In my recent posts on Badiou’s method I am making no unusual or unduly metaphysical claims about the logic of necessity or the nature of reality..
I am merely starting out from the famous « layer-cake » model of testing starting with observational theories (I say observational « theories because there are no pure observations) going upwards via more and more conceptually elaborated auxiliary theories and ending with some very general speculative theory. The constitutive principles of each theoretical stratum are mutually exclusive, because of the time factor.
Note: this is not a logical necessity but a pragmatic one.
As various observational and auxiliary theories (concerning instrumentation, experimental set-ups, and more or less low level regional laws) are already in place it would be very surprising if a new theory at the speculative level were to be able to generate all the lower-level theories compatible with its concepts – and all at the same time – and able to replace the already entrenched theories.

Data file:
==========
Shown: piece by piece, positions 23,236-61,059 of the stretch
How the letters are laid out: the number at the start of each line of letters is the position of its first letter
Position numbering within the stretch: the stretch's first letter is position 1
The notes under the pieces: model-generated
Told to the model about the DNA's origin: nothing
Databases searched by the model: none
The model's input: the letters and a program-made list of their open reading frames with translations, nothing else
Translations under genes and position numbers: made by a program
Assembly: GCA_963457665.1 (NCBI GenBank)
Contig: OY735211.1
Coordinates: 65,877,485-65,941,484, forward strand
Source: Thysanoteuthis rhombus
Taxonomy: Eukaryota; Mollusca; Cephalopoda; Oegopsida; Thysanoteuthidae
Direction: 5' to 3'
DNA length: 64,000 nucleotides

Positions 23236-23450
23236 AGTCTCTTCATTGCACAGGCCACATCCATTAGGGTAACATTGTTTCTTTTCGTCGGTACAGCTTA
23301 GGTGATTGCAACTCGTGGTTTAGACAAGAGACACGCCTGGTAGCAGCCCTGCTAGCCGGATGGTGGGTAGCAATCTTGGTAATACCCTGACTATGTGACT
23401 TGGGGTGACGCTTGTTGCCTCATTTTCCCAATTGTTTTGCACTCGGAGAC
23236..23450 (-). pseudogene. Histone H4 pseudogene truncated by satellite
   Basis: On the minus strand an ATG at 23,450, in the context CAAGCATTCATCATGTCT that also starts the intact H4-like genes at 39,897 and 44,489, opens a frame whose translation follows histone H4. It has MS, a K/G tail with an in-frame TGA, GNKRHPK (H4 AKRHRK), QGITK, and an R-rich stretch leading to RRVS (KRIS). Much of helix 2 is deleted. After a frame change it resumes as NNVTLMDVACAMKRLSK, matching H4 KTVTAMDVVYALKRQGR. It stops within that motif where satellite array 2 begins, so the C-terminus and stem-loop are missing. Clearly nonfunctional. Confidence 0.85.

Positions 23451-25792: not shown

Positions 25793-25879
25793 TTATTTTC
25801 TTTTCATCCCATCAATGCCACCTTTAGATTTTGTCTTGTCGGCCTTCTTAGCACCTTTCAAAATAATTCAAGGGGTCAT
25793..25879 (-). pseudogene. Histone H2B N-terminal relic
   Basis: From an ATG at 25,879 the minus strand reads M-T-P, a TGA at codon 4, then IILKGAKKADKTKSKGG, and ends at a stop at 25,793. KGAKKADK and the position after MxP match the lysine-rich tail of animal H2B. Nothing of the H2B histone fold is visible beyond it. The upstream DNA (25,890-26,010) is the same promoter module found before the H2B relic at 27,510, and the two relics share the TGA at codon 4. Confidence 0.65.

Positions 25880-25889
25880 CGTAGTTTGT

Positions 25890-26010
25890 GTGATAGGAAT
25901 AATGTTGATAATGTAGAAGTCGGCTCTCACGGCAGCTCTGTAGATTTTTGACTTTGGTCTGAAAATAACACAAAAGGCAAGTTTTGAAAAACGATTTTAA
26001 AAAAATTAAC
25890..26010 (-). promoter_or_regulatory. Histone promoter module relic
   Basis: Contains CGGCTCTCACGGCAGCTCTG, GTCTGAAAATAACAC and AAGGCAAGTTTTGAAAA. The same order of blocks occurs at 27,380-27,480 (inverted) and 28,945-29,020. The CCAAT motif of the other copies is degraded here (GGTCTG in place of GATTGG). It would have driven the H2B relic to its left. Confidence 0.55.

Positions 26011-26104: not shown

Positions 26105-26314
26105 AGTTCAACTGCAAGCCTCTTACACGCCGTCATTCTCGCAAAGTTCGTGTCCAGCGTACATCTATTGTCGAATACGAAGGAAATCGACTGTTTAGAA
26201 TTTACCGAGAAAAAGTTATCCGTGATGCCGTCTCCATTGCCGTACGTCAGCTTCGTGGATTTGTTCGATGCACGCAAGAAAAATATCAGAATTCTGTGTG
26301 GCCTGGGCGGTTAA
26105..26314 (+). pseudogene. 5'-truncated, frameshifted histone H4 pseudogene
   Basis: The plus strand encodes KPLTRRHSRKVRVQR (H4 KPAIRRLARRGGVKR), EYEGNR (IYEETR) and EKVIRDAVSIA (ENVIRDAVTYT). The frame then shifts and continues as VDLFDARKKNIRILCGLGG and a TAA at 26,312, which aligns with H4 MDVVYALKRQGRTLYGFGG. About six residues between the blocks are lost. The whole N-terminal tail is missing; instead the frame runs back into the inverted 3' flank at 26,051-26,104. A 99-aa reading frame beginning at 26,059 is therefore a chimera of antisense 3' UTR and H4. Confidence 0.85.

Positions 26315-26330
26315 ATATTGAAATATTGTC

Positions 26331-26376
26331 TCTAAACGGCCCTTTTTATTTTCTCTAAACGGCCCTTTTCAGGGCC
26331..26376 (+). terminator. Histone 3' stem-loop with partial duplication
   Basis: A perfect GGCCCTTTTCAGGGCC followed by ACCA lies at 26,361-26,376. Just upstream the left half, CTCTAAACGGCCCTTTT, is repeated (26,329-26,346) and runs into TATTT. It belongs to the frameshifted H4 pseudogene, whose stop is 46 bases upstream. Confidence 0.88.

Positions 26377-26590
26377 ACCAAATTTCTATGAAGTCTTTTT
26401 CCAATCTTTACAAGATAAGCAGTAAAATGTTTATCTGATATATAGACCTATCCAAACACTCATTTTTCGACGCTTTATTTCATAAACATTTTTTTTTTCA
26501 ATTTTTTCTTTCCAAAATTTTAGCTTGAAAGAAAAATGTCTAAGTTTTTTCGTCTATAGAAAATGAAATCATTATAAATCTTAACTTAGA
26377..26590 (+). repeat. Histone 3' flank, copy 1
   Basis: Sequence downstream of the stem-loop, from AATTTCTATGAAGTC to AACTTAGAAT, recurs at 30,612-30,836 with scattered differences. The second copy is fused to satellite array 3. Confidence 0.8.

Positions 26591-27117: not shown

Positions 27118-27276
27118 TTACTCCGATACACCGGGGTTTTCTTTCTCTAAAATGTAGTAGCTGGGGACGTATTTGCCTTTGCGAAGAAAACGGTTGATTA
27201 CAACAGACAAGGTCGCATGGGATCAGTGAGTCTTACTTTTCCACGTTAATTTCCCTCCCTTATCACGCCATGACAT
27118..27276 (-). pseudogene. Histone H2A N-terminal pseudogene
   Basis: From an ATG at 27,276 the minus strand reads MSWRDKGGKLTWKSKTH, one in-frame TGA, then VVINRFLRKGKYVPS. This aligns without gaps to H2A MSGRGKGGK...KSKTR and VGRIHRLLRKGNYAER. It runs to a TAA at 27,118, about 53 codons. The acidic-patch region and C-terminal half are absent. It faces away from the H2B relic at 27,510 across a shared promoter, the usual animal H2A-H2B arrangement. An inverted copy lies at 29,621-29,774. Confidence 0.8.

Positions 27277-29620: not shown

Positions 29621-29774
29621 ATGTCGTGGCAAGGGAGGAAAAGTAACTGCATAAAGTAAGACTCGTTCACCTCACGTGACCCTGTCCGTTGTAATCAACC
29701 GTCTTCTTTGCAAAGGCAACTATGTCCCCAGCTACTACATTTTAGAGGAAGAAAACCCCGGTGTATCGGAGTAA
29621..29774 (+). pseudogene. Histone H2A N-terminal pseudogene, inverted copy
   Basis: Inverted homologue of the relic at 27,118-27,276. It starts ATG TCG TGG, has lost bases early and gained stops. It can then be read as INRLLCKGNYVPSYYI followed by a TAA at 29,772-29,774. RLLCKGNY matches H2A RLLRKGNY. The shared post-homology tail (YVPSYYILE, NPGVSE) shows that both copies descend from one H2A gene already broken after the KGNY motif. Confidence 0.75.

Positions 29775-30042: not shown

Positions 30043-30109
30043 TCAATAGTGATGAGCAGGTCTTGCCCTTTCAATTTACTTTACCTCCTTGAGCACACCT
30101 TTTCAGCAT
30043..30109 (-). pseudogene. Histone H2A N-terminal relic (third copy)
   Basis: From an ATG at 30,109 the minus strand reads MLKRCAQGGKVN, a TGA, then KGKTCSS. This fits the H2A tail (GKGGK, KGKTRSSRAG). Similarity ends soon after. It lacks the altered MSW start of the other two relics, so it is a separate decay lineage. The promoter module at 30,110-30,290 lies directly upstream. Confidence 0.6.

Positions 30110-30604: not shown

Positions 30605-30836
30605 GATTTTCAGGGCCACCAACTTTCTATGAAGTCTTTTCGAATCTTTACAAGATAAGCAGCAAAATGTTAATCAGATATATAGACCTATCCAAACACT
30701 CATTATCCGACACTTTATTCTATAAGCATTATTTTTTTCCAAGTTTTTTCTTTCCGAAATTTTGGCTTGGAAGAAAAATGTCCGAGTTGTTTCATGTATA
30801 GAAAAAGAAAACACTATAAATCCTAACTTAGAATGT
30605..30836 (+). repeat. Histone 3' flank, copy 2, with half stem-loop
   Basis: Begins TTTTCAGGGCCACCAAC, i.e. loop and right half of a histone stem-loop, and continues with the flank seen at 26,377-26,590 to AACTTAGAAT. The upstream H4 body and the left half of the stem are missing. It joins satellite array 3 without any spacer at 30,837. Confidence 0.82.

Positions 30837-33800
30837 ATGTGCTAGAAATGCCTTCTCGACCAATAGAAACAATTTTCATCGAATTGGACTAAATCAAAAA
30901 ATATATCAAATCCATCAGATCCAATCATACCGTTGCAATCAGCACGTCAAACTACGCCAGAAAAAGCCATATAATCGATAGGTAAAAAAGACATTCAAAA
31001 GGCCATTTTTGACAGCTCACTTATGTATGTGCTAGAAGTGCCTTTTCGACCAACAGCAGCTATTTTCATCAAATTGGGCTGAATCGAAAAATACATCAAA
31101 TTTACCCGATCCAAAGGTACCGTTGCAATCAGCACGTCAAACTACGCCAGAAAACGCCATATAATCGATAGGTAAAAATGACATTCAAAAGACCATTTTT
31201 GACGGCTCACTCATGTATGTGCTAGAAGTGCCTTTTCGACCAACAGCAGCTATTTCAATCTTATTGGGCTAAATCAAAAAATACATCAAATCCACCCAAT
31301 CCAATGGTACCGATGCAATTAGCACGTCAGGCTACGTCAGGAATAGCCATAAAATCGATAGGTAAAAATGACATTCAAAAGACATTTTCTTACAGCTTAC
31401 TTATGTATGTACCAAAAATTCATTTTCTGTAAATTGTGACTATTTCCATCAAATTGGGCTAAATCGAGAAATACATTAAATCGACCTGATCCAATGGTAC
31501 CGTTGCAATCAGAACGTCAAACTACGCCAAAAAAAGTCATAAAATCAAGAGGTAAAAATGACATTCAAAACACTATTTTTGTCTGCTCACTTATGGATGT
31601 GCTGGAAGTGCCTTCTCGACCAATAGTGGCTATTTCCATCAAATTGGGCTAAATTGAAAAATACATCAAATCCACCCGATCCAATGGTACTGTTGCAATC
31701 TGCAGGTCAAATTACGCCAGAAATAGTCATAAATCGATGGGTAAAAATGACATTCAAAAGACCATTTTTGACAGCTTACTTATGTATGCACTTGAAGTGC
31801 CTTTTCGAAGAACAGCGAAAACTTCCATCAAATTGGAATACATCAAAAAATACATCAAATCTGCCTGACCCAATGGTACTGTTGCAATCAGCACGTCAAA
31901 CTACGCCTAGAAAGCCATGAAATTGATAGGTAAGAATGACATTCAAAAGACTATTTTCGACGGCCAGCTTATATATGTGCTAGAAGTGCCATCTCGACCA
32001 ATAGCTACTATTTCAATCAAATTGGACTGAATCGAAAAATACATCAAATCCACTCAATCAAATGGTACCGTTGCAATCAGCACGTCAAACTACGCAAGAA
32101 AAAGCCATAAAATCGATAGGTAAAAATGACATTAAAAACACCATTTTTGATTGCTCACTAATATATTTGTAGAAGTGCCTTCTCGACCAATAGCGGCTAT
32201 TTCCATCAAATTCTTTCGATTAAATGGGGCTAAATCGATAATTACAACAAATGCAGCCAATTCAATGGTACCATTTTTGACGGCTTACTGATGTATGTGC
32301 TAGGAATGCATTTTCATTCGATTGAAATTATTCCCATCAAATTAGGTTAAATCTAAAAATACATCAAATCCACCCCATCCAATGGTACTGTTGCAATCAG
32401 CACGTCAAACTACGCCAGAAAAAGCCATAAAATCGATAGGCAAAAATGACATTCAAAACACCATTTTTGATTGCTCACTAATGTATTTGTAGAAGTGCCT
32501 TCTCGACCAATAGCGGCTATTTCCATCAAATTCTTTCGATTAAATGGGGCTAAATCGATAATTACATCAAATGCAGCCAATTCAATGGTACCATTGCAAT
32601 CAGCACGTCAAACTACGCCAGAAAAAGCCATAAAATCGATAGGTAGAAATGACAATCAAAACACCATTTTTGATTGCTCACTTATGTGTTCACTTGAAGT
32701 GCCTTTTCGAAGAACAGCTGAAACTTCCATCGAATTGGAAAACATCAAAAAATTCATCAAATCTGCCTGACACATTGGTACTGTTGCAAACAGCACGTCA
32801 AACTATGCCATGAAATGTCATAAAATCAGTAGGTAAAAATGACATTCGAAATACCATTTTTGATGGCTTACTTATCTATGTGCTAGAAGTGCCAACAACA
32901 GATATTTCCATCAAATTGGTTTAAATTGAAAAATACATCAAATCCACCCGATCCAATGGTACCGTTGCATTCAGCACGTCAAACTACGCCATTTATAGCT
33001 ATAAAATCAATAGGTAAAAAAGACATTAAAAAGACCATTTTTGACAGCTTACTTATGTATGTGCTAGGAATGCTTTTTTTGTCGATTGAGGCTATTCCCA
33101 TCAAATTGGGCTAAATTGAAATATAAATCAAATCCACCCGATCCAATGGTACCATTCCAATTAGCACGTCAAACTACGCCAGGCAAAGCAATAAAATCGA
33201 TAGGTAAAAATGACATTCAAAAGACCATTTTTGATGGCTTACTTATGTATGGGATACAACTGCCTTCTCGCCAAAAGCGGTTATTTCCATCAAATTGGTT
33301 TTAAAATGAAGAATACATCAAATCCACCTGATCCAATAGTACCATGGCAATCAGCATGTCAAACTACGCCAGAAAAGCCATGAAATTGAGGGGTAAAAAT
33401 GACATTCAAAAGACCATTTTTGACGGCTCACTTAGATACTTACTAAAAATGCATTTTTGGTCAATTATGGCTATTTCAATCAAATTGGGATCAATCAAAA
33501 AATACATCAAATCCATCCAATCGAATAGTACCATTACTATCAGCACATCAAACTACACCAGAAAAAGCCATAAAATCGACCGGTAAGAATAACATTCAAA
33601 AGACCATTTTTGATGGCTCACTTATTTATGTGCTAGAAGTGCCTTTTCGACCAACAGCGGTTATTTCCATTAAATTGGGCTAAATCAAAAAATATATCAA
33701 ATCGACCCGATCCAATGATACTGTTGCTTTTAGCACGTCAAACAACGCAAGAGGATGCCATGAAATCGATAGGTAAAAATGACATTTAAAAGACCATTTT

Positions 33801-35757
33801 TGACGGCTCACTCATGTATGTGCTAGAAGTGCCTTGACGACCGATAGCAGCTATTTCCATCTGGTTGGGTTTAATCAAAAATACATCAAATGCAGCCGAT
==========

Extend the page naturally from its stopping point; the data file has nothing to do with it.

This is why I talk in terms of « research programmes » (sort of a de-dogmatised Kuhnian paradigms). It takes time to build a new research programme and to fill in all the intermediate levels.
The example of Galileo’s heliocentric theory and the associated auxiliary theories needed to support it, but coming only much later (e.g. a theory of the telescope’s construction, functioning, and conditions of reliability) already illustrates this time-sensitivity in dealing with incommensurable theories layered in terms of differing degrees of generality and differing degrees of observationality.
Thus I make no absolute claims about the « real world » but talk about a theory as being able to « deal with the real world » if it has testable content in terms of this model.
This dealing with the world (or not) can only be evaluated from within a particular truth procedure.